After all this excitement dies down, the real work begins with Big Data analysis, complex calculations and algorithms and this is where Mellanox comes in. Many of our customers, such as the San Diego Supercomputer Center (SDSC), support thousands of researchers with high performance computing capabilities. Imagine one day not so long ago at SDSC, while they were running LIGO (laser interferometer wave observatory). LIGO’s mission is to try and detect gravity waves as they come from space through earth. Suddenly, they detected an anomalous wave and suspected it was actually the result of two black holes colliding; but how to prove such a profound notion?  Such a phenomenon had never even been detected before and the algorithms required to sort this out required large-scale computing capabilities. SDSC’s Supercomputer Comet, with Mellanox’s virtual cluster interface, was the answer. The need to support parallel applications and parallel computations in a virtual environment was solved through the use of single root IO virtualization (SR-IOV) which was developed by Mellanox. Basically, this solution allows computation to go directly from the network to the virtual machine, without passing go, or collecting $200. This translated into the same high performance as running on the bare metal hardware. And by leveraging Mellanox technology to offload all of the network processing, the virtual CPUs could spend all of their time sorting out the question posed by scientists, was it really two black holes colliding?  The interstellar event was recreated by scientists virtually through simulation in their own lab and the results were groundbreaking. An exact correlation between the observed and simulated signals allowed scientists to determine that yes, the origin of the wave actually came from two black holes colliding. More here.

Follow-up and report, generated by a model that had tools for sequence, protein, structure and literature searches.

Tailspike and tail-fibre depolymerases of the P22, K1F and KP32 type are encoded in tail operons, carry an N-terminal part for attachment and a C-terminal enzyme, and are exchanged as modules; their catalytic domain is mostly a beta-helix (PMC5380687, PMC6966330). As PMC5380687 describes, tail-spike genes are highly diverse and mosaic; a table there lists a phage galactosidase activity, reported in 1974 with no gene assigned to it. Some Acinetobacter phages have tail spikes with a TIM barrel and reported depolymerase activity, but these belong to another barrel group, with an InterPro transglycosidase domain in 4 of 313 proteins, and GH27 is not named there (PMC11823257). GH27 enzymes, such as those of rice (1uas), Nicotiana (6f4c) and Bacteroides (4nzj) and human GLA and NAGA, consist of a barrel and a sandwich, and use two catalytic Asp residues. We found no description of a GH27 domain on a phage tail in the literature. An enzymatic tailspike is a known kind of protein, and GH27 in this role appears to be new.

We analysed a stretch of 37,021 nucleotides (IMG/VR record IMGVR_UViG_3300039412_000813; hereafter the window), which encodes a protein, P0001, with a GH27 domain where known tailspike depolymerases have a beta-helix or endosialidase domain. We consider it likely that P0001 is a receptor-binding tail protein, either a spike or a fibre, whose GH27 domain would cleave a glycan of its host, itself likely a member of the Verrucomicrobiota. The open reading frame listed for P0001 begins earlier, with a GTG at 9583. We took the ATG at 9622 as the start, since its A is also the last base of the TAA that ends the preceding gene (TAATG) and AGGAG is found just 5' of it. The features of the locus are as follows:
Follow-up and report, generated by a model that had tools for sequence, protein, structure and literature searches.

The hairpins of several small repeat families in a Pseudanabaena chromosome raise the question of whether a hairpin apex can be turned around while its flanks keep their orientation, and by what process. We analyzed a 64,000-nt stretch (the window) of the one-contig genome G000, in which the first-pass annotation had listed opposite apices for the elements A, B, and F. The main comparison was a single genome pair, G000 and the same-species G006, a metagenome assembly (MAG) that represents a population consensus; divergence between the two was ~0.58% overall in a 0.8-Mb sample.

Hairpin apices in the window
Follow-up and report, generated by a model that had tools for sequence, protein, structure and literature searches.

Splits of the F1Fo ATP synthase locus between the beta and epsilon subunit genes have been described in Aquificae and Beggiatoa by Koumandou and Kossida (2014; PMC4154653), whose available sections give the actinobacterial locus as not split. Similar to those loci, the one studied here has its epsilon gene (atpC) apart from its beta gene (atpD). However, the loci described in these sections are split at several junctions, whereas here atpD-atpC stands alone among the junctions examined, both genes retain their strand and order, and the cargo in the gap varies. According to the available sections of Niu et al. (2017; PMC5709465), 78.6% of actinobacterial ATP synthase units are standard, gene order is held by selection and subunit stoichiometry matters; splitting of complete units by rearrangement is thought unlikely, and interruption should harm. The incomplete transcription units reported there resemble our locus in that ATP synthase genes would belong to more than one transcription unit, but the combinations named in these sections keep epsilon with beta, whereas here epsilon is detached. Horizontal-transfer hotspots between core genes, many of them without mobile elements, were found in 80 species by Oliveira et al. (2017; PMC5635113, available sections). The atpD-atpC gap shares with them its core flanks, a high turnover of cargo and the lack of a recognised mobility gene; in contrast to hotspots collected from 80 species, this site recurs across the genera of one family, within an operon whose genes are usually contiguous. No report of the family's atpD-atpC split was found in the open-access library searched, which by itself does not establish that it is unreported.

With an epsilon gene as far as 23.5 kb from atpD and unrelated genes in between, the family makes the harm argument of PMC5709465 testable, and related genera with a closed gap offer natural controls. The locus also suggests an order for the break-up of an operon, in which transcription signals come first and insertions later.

As I follow along and witness this amazing, once in 99-year event, my thoughts will be trained not only on the skies above where this amazing astronomical event will take place, but I will also be thinking about the hard work, the analysis and potential discoveries that will be realized back here on earth, knowing that this is where Mellanox has made, and will continue to make, a profound difference in the scientific community and Our Interconnected Planet.

We also have a fun video about astronomical discovery to make your day:


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About Julie M. Dibene

Julieanne DiBene is the Senior Director of Marketing Communications at Mellanox. Prior to this, she was the Director of Marketing Communications with Micrel Inc., a semiconductor manufacturer. She holds a Bachelor of Arts degree in Journalism from San Jose State University.